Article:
Posted February 3, 2015
When Executive Director Michael Rajewski’s father James fell and broke his back last year, helping him choose where to recover, and eventually reside, after surgery was an easy decision. The situation surrounding the transition certainly wasn’t easy at all though. Mike’s mother Marian, aka “Cookie,” also came to live at Presbyterian Manor with her husband.
“Dad was Mom’s primary caregiver, and with her dementia, it only made sense to move her here with him,” Michael said.
Moving to a new location can be difficult for anyone, but especially people who experience the disorientation of dementia.
“Mom has trouble communicating. She often doesn’t know where she is, what time of day it is or what’s going on,” said Michael. “But we found something that brought her a lot of peace. She recently started taking painting classes here. Art was a way for her to express herself without feeling confused and disoriented.”
Mike vaguely remembers his mother painting when she was raising children, but doesn’t recall her taking up the habit in recent years.
“Mom was exceptionally talented at so many things,” he said. She had eight children, so she had to be creative. On the farm, she couldn’t afford to buy artwork, so she made her own. She upholstered furniture, made clothes without using a pattern and even made drapes for the living room.”
Marian’s rediscovered talent was a pleasant surprise for Michael, and she isn’t the only one at Presbyterian Manor with hidden abilities.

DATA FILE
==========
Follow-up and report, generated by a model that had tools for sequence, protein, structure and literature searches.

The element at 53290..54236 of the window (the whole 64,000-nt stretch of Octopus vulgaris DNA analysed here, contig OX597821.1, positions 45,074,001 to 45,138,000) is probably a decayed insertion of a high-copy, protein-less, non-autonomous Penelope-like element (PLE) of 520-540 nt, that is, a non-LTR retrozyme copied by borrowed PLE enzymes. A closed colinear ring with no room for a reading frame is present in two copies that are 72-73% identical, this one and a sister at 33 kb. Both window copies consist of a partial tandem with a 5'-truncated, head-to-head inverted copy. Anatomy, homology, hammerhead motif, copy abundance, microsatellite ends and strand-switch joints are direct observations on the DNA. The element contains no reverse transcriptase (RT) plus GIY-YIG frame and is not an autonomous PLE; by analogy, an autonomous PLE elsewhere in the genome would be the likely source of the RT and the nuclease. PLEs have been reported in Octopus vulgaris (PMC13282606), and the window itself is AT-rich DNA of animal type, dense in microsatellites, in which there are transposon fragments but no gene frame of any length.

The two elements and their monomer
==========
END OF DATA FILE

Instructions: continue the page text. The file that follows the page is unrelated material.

“We were pleased to learn that Maintenance Supervisor Roger Riggs is an exceptionally talented painter. He even won some competitions in New York. Not only that, but he was willing to volunteer his time to teach art classes to our residents. He’s been so helpful with getting artists ready for our Art is Ageless program,” said Michael. “He worked with my mother to find what best suited her. She can follow along well, especially if she was modeling him. With Roger working with her, she can replicate what’s on the painting in front of her. It’s really quite remarkable. We tried paint by numbers at first, but that was too structured. She could do much better free-form.”
James is very proud of his wife’s accomplishments, and no doubt the peace she’s found through painting has brought him peace, too.
“He’s very proud of her artwork and glad they were able to do it with her. It’s something he wasn’t able to do as an outlet for her. Now, she can express herself.”